For most of my life, I have lived and worked outdoors as a self-employed tree trimmer, an itinerant field geographer in the Chilean Andes and the Falkland Islands, and as a guidebook writer all over South America, if mainly in the Southern Cone countries of Argentina, Chile and Uruguay. Maybe my inability to work in an office - other than my home office, where I look onto the garden and walk the dog whenever I care to - is a personal shortcoming, but I wouldn’t have it any other way. A lot of the work I do on the road in South America may be formulaic - updating hotel rates and bus schedules, for instance - but it also gives me the opportunity to revisit places, like Chile’s Parque Nacional Torres del Paine (pictured below) or Argentina’s Parque Nacional Los Glaciares, that many other people see only once in a lifetime, if that often.
But that outdoor life sometimes comes at a price, as I learned recently when diagnosed with a melanoma on my nose - excessive exposure to the sun, especially in Patagonia and Tierra del Fuego, where the hole in the ozone layer has exposed the populations of cities such as Punta Arenas and Ushuaia to dangerous UV radiation, can be hazardous. In Chilean Patagonia, in fact, the regional government has placed “semaphores” indicating the degree of solar radiation, and has even recommended keeping children indoors between the hours of 10 a.m. and 6 p.m.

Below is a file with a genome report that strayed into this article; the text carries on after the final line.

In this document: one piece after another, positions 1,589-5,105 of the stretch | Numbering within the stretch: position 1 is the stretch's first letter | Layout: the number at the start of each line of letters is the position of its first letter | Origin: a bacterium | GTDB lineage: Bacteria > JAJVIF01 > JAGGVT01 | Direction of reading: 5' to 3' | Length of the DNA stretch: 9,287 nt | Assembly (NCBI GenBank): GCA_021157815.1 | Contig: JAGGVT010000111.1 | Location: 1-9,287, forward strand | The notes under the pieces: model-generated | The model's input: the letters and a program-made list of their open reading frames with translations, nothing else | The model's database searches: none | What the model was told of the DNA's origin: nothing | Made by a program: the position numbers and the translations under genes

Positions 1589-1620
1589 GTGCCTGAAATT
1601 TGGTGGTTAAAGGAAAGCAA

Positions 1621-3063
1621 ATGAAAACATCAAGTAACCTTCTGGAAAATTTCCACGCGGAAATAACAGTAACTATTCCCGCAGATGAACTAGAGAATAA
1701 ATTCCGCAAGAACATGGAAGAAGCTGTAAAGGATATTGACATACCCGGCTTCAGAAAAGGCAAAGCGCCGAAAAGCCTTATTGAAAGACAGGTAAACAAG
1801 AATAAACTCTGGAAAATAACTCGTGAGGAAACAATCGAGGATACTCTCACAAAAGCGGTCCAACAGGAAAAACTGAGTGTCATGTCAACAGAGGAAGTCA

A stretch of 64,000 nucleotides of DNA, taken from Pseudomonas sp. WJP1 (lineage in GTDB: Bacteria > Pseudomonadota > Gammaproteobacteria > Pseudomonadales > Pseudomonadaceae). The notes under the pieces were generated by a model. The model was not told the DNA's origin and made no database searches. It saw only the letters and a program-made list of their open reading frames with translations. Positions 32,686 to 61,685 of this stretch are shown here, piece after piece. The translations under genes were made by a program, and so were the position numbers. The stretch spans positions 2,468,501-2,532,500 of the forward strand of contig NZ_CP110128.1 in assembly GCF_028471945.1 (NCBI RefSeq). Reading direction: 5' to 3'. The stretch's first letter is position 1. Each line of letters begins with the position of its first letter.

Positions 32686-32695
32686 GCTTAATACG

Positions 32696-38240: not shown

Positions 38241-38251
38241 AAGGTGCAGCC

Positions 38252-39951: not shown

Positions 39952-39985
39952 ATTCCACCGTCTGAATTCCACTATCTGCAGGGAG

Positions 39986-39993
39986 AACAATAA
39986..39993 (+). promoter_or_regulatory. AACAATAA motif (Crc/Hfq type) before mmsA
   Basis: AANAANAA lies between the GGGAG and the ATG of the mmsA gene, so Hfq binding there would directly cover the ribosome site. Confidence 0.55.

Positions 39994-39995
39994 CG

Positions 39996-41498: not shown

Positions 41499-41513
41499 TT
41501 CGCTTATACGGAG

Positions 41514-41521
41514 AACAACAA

Fortunately, in my case, it was detected very early, and the surgeon who will remove it next Tuesday gives me a nearly 100 percent chance of full removal. It will, however, oblige me to spend nearly six weeks under virtual house arrest - no exercise, not even walking the dog - as skin grafts on the nose are notoriously sensitive to moisture and movement. For the rest of my life, though, I will have to be regularly rechecked and take special precautions, such as wearing a wide-brimmed hat and sunscreen whenever I am exposed to sunlight.
While I am not excessively worried about a recurrence, it’s worth stressing that anyone who visits the Southern Cone countries, or any place where the sun shines brightly, should take such precautions. In Patagonia, while the ozone hole may increase the risk somewhat, the fact is that relatively low temperatures usually mean that locals and visitors are usually wearing long sleeves and trousers, so that the face is the major concern. In cities such as sunny Santiago (pictured above), the risk can be even higher, so cover as much as possible, and walk in the shade whenever feasible.
High altitude and tropical latitudes are also a risk. In the early 1980s, as I worked on M.A. thesis on llama and alpaca herders in Chile’s Parque Nacional Lauca (pictured above), a couple Australian tourists came to my research site at the village of Parinacota (pictured below), some 4,392 meters (14,409 feet) above sea level at a tropical latitude of 18° S. Their ill-advised decision to sunbathe on a warm day, in thin Andean air with nearly direct solar rays, burnt them like lobsters and could even have been fatal; also suffering from altitude sickness, they soon left for sea level. I have no way of knowing whether, in the intervening years, they may have developed melanomas, but that world-class sunburn could certainly not have helped.